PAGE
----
At Airbnb, we have over a thousand micro services with hundreds of small teams managing them, which offered a unique challenge for us. We had to identify all vulnerable services, and quickly reach out to their respective owners for quick mitigation. This is where our Slack bot really shined, allowing our Incident Managers to quickly reach out to service owners and coordinate rolling out the fix much quicker than before. In a matter of minutes, the bot was used to page over 300 teams to assist with assessing impact and deploying patches. This equated to 4 hours saved compared to paging these teams manually, not to mention reducing the time spent in a vulnerable state.
Page <shortcut|service name|slack user>
The page command can be given a service shortcut, service name, or a slack user.
To get started, the user can view a list of shortcuts by typing in “page list”
Each shortcut corresponds to a PagerDuty service ID which will be used when creating a PagerDuty incident. The shortcuts are easily customizable by editing a YAML file.
If a user types in a service name which doesn’t match any shortcut, a search is done in the PagerDuty service directory and results are displayed for the user to choose.
Once a user chooses the service they want to page they’re asked to confirm and a new PagerDuty incident is created for that service.
We also allow paging Slack users directly for when additional responders are required outside of those on-call.
Once the page command is sent, the bot creates a new incident in PagerDuty with the Jira ticket, summary, and slack channel to provide context to the on-call person. After the on-call person is paged, the bot announces who was paged and invites them to the channel.
Once responders confirm there is no further user impact and a root cause is known, the incident is considered resolved and the team transitions to the post-incident phase. A robust timeline is required to have an effective post-incident review and an effective post mortem report.
This command will search the incident channel for all chat messages marked with a specific emoji which designates the message as a timeline event, and direct message the user a compiled timeline.
For example, we use the 📝 emoji to designate important events in the chat. As the incident is ongoing, anyone can add the emoji as a reaction to important chat events. Post-incident, the “get timeline” command will compile these chat events into an easy to copy paste timeline to be used in the post-incident report.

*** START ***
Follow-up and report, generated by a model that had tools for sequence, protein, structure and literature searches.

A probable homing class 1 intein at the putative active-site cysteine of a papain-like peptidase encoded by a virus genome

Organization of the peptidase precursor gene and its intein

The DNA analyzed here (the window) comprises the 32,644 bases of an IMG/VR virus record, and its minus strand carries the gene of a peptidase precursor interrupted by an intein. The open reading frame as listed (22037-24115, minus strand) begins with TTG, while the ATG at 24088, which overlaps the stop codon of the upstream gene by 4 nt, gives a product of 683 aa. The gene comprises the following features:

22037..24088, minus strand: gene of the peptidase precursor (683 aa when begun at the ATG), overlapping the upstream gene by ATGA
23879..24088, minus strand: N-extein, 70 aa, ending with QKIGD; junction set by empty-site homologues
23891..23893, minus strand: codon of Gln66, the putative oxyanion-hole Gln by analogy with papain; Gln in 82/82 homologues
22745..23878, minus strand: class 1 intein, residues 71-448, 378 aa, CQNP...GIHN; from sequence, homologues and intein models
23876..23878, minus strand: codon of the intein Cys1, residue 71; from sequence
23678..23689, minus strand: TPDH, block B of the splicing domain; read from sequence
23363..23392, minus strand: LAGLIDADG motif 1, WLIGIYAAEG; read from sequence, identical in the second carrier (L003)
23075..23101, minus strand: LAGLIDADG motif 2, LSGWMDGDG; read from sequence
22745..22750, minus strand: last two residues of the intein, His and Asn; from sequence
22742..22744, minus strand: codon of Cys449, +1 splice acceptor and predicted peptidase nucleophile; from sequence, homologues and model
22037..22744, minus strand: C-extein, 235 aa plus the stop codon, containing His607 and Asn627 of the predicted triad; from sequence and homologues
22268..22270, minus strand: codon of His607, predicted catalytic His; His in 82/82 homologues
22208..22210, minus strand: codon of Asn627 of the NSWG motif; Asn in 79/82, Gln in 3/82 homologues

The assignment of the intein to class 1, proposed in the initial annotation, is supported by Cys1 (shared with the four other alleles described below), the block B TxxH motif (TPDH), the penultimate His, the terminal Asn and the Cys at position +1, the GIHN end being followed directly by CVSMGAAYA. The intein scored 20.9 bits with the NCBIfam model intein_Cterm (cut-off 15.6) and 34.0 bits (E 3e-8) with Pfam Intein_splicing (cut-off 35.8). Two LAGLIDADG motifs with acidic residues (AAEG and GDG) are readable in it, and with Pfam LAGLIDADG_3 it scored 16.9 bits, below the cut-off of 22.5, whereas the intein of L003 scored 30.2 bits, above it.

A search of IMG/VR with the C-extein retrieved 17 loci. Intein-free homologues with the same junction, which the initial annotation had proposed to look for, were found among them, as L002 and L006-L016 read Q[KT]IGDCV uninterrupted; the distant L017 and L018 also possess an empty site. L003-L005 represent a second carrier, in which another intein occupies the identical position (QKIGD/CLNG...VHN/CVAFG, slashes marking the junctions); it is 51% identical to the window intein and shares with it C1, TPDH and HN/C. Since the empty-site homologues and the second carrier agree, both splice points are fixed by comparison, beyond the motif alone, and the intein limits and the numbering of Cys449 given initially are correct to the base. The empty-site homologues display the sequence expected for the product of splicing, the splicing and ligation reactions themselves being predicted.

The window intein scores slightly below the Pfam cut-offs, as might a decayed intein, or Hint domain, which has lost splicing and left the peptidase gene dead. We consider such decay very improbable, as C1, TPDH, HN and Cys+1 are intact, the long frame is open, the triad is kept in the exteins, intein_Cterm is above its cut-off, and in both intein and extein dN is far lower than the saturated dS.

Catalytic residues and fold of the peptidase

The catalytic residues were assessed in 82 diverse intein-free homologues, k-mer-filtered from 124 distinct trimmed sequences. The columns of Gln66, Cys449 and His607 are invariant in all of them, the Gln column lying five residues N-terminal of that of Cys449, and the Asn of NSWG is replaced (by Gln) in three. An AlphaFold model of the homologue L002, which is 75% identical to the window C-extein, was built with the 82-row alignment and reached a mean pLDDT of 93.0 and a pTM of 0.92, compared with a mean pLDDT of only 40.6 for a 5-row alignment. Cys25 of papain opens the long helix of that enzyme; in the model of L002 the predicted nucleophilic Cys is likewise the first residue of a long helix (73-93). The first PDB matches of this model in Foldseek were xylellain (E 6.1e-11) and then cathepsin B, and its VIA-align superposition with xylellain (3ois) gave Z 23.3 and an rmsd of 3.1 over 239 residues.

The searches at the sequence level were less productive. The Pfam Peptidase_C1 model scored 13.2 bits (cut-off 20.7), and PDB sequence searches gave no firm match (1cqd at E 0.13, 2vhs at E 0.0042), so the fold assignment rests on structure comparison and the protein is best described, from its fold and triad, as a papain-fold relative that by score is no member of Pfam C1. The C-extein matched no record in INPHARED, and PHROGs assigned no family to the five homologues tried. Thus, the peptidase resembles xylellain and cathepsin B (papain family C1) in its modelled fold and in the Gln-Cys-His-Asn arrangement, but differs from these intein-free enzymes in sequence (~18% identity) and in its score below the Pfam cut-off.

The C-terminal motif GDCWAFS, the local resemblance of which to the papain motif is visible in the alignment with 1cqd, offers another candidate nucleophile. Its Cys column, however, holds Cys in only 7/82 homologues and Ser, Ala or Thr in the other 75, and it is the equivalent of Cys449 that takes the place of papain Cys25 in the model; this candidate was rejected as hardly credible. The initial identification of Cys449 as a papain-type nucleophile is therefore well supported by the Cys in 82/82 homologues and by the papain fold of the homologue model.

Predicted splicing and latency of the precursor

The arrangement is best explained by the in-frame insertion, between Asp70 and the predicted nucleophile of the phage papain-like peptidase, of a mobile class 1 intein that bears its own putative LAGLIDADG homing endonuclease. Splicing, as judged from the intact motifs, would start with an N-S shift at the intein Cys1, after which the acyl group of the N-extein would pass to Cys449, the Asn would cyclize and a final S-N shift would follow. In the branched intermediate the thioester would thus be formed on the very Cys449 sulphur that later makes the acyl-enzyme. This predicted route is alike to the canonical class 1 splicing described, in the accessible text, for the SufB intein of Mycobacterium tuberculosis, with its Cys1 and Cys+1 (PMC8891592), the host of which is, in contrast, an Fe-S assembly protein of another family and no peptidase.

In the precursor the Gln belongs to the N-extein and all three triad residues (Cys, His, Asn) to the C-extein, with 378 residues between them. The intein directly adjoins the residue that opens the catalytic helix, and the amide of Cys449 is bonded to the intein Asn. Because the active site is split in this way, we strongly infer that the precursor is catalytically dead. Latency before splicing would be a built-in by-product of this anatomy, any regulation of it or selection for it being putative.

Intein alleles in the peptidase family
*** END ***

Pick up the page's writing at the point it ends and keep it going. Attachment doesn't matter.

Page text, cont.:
At Airbnb, we have after action review meetings (AAR) weekly where we review recent high severity incidents, post-incident reports, and ensure any corrective actions are called out and assigned. As soon as the Jira ticket tracking the incident is updated with the AAR meeting date, the bot will notify the person owning the Jira ticket when the meeting will be and what is expected of them.
Oftentimes, during our blameless postmortem process, tickets for corrective actions are created and assigned to teams to avoid similar incidents in the future. To encourage quick resolutions we set a strict deadline for these tickets. Our bot will send a warning message over Slack a couple of days before the deadline, and another message if the deadline has lapsed to the user assigned to the ticket.
Archiving Incident Channels
To keep our Slack workspace tidy, the bot automatically archives incident channels ten days after the incident’s Jira ticket has been closed.
Since launch, our bot has saved our Incident Managers and responders many hours through its automation and centralization of incident management within Slack. By measuring the average amount of time each task takes to complete manually compared to the bot’s automation, we determined an estimated 44 hours of time saved so far in 2022.
To further streamline our incident response from Slack, we plan to enhance our integration with PagerDuty.
Currently, every time the page command is used a new PagerDuty incident is created. Instead, we plan to unify all pages under a single PagerDuty incident to take advantage of PagerDuty’s incident metrics and to provide more context to responders.
Lastly, after a PagerDuty service is paged using the bot, we don’t have visibility of the status of the PagerDuty incident in Slack. Was the page acknowledged? Did the on-call not respond? Was it escalated and to who? We plan to build automation to follow the PagerDuty incident and report the current status to the incident’s channel. This will also allow us to record the timeline of actions taken in the PagerDuty incident after paging the service.
Attribution and Thanks
- Stephen: for being a great partner on the Airbnb Incident Management team and helping to define the incident management bot’s feature roadmap